RBI Begins Work On Restructuring Plan For Covid-Hit Firms: BQ Exclusive

The one-time restructuring scheme would likely cover companies which have defaulted between March 1, 2020, and March 31, 2021.

Inside the press room at the Reserve Bank Of India. (Photographer: Karen Dias/Bloomberg)
Inside the press room at the Reserve Bank Of India. (Photographer: Karen Dias/Bloomberg)

The Reserve Bank of India has started the ground work for a one-time restructuring scheme to help companies which are affected by the Covid-19 pandemic. The regulator is discussing contours of the plan internally and informally with senior bankers before a final decision is taken, said two people with direct knowledge of the matter, who spoke on condition of anonymity.

The one-time restructuring scheme would likely cover companies which have defaulted between March 1, 2020 and March 31, 2021.

As per unofficial conversation between bankers, the restructuring scheme will help companies extend the repayment schedule and reduce interest rates, without attracting an asset classification downgrade, as is required currently. The standstill on asset classification will help companies continue as ‘standard’ account, which will allow them to continue getting funding. A bad loan tag typically leaves banks reluctant to lend further to companies.

In terms of the structure of the scheme, it will likely follow the relief provided to micro, small and medium enterprises last year, the people quoted above said. Under that scheme, the RBI said that any such restructuring concluded by December 2020 will not lead to the account being tagged as a non-performing asset.

Banks will be required to take into account the cash position of companies during the six-month moratorium period between March 1 to August 31, before approving a restructuring plan. They would also need to consider the extent to which the business is likely to revive once the lockdown is lifted, the people quoted above said. The restructuring will be at the discretion of the banks.

The relief in asset classification would be an exception to the June 7, 2019 circular. According to that, companies which undergo restructuring have to be classified as non-performing assets. These accounts can only be upgraded if the ownership of the company is changed under the restructuring scheme, or if the borrower is able to clear a portion of the dues within a specified time period.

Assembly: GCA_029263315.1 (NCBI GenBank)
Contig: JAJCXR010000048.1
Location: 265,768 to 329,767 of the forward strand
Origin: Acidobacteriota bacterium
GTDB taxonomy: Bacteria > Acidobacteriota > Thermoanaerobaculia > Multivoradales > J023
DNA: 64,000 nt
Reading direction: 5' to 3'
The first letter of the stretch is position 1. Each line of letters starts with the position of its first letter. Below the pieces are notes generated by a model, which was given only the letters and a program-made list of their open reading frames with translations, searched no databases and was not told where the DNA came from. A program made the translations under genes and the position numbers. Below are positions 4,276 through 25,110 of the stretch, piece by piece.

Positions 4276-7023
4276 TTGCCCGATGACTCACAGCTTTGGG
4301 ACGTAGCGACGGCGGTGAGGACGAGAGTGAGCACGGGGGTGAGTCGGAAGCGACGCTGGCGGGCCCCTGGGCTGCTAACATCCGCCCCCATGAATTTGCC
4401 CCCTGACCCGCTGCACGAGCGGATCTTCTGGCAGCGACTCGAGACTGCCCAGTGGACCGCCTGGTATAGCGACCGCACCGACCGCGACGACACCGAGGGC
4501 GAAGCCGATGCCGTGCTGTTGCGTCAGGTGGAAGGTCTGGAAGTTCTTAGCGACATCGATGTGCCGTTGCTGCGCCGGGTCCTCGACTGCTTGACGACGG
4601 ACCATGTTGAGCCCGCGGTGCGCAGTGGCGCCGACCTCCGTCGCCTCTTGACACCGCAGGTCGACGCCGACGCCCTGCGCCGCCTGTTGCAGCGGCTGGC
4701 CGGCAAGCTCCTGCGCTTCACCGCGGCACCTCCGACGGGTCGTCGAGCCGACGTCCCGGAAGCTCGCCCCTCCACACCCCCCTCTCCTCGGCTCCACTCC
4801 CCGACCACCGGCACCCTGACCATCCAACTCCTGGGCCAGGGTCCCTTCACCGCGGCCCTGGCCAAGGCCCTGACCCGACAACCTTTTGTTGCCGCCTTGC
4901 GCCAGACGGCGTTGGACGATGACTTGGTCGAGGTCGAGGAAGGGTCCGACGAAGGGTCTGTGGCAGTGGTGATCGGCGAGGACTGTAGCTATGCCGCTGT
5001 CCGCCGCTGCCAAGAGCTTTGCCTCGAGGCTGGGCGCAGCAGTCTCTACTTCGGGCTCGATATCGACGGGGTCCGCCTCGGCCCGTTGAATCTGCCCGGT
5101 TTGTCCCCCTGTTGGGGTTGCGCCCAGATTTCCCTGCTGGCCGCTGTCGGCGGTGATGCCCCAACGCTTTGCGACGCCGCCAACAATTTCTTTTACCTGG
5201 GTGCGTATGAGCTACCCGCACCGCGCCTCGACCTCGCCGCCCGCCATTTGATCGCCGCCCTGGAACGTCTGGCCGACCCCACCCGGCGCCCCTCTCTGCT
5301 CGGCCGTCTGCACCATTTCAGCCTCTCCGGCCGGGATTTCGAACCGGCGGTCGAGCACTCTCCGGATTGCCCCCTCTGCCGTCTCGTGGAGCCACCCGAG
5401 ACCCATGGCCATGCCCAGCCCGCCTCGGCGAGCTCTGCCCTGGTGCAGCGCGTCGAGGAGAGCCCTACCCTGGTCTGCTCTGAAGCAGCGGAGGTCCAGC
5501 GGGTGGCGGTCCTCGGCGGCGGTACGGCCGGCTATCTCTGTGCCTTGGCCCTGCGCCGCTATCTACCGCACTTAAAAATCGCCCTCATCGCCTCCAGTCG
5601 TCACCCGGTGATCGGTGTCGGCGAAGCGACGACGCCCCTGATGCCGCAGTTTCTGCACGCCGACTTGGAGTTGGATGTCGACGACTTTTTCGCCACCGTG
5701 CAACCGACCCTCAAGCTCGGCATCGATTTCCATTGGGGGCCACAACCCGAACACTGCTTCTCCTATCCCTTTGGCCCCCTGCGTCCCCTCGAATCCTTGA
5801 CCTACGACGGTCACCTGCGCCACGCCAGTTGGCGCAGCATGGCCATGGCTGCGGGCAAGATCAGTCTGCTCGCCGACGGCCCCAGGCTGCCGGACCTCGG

The bankers quoted above said that no final decision has been communicated by the RBI.

An email sent to the RBI on Friday morning was not immediately answered.

Return To Restructuring Past

A restructuring scheme with asset classification standstill will be a move back to the pre-2013 days when the RBI allowed restructuring of corporate accounts in a similar fashion. However, the regulator has since done away with such forbearance and has sought higher provisions as well as asset quality downgrades for restructured accounts. Senior RBI officials have maintained that forbearance simply delays recognition of the problem.

According to a Macquarie Research report released on Friday, past experience with blanket forbearance has been quite bad.

“The issue was that both banks and corporates used the regulatory forbearance to their advantage and loans where businesses had no viability was restructured and eventually a substantial proportion of loans turned into NPLs,” Macquarie analysts said in the report.

However, the Covid-19 crisis presents an exceptional scenario. The RBI, in March, allowed banks to offer borrowers a three-month repayment moratorium, which was later extended till end of August. Macquarie Securities estimates that about 25-30% of system level loans are under moratorium.

Bankers fear that defaults and restructuring requests could rise after the moratorium ends.

To avoid this, the banking community has been lobbying for a one-time restructuring scheme for the last few months through representations from the Indian Banks’ Association. In April, banks had proposed that the regulator allow amendments to the June 2019 circular, wherein they could upgrade restructured companies without change in management or mandatory repayment requirements.

On Thursday, while addressing a webinar organised by Chennai International Centre, Union Finance Minister Nirmala Sitharaman said that the government is in talks with the RBI for restructuring relief.

Covid-19 and the national lockdown have affected multiple sectors such as hospitality, aviation, transport, construction, manufacturing, etc. Economists predict a sharp deceleration in the economy, with India likely to see its first recession in nearly four decades.

The sharp slowdown will likely constrain repayment capacity of borrowers. A one-time restructuring scheme could help these borrowers till they are able to steady their businesses, the people quoted above said.

In their Friday report, Macquarie analysts suggested that the banks and the RBI could take a more measured approach toward debt restructuring of companies.

“RBI should extend the restructuring package only to select beleaguered sectors like commercial real estate, aviation, tourism etc instead of allowing a blanket restructuring of all loans,” the analysts said.

The RBI should also consider building in further checks and balances to avoid misuse, they added.